CLU to launch scientific computing centerDarling Foundation provides $250,000 grant
Posted: Wednesday, July 20, 2011 10:45 am PST
Grady Hanrahan, the John Stauffer Endowed Professor of Analytical Chemistry, will be co-director of the center.
Photo: Brian Stethem
(THOUSAND OAKS, Calif. - July 20, 2011) California Lutheran University has received a $250,000 grant to open a new center to boost the scientific computing skills of middle school, high school and college students.
Set to launch Aug. 1, the Hugh and Hazel Darling Center for Applied Scientific Computing will enable the university to develop innovative new courses and intensive summer research opportunities for CLU students majoring in bioengineering, biology, chemistry, computer science, math and physics.
The center will also offer workshops for middle and high school students to impart computing skills and encourage them to study science, technology, engineering and mathematics (STEM) disciplines in college.
The center's activities will help students gain a command of the computing techniques that are crucial to formulating hypotheses, designing experiments, interpreting results and simulating the dynamics of complex natural and physical systems. The focus will be on both theoretical perspectives and real-world applications.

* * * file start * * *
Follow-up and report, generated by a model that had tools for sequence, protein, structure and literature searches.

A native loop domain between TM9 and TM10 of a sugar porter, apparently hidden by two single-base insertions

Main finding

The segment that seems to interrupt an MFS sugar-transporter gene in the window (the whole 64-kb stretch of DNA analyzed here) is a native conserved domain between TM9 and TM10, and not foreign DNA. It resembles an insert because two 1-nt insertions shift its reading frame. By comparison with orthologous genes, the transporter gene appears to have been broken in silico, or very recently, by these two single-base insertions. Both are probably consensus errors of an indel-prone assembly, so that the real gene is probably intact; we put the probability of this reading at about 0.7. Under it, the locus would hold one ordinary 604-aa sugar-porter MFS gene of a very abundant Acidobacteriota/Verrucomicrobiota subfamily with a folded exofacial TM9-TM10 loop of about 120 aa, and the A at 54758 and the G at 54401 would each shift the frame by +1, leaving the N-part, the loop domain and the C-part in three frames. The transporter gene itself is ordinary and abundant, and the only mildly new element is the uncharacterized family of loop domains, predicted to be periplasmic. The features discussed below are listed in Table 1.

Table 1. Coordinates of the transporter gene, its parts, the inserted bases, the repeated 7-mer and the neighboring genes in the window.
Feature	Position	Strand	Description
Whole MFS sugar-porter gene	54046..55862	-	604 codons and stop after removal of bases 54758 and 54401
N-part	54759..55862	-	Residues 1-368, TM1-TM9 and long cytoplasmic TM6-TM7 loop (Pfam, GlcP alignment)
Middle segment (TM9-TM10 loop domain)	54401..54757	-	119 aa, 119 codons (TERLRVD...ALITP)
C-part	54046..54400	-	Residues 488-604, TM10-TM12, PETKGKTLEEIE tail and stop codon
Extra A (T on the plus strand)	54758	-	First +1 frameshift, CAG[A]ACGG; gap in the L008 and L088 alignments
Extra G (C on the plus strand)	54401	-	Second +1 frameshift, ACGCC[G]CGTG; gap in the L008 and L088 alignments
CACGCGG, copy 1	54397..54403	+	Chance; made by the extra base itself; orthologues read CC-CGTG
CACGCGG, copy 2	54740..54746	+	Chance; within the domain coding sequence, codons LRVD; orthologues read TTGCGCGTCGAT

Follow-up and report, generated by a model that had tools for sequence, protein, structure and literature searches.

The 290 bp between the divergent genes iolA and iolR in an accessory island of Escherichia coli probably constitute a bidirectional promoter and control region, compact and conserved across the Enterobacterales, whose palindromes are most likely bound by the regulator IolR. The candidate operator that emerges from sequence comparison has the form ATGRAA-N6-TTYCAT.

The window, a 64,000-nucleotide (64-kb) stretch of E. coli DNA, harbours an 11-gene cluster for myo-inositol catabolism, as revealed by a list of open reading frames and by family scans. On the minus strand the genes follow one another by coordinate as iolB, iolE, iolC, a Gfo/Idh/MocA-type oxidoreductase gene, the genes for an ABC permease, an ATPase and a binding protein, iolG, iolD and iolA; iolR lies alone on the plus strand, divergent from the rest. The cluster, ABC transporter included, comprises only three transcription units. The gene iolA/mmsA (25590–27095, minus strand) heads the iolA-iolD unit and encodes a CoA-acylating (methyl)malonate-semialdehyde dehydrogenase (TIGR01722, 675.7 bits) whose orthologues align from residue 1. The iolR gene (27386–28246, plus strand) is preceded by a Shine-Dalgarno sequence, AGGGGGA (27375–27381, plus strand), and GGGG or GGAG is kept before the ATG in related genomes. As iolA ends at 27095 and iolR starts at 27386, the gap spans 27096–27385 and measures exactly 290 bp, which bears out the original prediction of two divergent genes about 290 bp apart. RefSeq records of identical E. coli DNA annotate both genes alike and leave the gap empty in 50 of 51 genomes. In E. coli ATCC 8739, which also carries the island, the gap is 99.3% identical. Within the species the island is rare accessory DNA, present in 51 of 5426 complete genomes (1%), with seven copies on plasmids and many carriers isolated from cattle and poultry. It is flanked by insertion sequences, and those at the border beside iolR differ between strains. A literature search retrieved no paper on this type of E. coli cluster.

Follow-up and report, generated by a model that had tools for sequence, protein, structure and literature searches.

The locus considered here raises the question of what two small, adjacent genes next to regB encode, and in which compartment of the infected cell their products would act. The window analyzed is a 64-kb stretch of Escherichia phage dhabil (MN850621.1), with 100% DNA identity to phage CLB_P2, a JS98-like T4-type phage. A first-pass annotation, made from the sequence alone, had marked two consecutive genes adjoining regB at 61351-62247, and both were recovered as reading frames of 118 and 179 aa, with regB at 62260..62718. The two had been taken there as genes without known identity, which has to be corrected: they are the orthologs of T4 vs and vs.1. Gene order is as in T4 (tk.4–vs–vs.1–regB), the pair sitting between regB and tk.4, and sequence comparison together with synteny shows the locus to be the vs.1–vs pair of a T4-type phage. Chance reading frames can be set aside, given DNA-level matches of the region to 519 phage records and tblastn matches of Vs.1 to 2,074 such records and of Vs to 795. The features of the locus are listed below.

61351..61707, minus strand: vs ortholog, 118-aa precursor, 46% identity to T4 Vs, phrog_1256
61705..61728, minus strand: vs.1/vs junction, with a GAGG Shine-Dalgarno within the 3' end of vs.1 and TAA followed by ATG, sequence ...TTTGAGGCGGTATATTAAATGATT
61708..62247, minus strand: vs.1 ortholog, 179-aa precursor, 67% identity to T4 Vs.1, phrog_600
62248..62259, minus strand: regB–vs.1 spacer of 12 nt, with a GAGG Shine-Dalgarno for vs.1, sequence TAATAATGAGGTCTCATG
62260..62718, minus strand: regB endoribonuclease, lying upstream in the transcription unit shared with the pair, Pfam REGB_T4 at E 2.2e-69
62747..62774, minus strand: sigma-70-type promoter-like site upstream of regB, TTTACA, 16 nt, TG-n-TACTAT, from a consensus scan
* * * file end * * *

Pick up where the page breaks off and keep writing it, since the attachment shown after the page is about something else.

With the new curriculum, CLU will be able to add a minor in applied scientific computing.
Part of the grant will fund 10 $5,000 student research fellowships during the next two years, increasing the number of CLU students who will be able to engage in full-time research with faculty mentors during the summer.
The center's co-directors will be Grady Hanrahan, assistant dean of the College of Arts and Sciences and the John Stauffer Endowed Professor of Analytical Chemistry, and Craig Reinhart, an associate professor of bioengineering, computer science and physics.
The center, which will be housed in D Building, will have high-performance computers capable of running heavy processing workloads such as modeling, molecular simulation, advanced mathematics and computational chemistry. It will also have a 3-D prototype printer that will allow faculty and students to produce physical models.
The Hugh and Hazel Darling Foundation of Los Angeles was established in 1988 to advance education in California. The foundation previously provided a $500,000 grant for a distance-learning laboratory in CLU's Spies-Bornemann Center for Education and Technology and donated $250,000 for renovations to Pearson Library.
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